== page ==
Sweden’s baby boom hits new high

Swedish women are giving birth to more babies than at any point since the earlier nineties, new figures show.

Sweden's baby boom hits new high

The country’s fertility rate rose to 1.91 children born per woman in 2008, the highest rate since 1993, according to figures from Statistics Sweden (SCB) released on Friday.

“There were 109,301 children born in Sweden in 2008, which is 1,880 more than in 2007,” out of a population of around 9.2 million, SCB said in a statement.

While Sweden has one of the highest fertility rates in the European Union thanks to its generous parental leave for both mothers and fathers, the rate is not high enough to renew the population.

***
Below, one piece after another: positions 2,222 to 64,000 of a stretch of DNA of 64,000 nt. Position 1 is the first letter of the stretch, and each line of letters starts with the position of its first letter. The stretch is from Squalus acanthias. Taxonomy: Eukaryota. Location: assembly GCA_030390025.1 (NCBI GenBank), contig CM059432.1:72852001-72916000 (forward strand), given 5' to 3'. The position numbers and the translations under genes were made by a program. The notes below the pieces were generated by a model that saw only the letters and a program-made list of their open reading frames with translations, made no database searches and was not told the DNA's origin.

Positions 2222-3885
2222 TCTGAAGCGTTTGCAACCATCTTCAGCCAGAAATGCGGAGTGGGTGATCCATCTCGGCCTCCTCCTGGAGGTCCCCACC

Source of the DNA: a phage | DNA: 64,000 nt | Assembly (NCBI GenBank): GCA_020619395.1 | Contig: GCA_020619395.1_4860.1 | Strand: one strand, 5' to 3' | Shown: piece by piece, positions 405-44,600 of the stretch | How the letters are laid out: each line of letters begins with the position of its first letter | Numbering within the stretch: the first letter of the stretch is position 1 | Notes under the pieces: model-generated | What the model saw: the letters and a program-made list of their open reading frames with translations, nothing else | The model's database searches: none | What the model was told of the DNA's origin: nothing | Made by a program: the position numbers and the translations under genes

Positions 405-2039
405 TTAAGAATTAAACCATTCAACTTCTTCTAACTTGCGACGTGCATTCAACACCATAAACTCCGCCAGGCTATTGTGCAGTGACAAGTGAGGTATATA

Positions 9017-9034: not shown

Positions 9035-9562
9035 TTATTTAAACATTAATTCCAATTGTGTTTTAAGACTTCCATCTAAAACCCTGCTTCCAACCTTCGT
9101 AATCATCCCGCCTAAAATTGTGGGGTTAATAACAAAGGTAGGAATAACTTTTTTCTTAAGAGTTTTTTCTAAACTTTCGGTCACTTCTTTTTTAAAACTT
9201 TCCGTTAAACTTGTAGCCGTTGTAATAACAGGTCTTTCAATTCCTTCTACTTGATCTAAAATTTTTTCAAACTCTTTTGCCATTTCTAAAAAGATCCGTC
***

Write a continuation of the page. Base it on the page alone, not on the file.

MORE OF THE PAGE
A rate of 2.1 children would be needed for that, SCB said.

France is the European Union champion, with a birthrate of 2.02 children per woman, while non-EU member Iceland has Europe’s highest rate of 2.14 children per woman.

SCB also noted that life expectancy was on the rise in Sweden.

“Average life expectancy also increased during the year,” it said, adding that “since 1900, the average life expectancy has increased considerably for both men and women.”

Girls born during the early decades of the 1900s could expect to live an average of 56.98 years, compared to 54.53 years for boys.

The agency said that girls born in 2008 would live an average of 83.15 years and boys 79.10 years.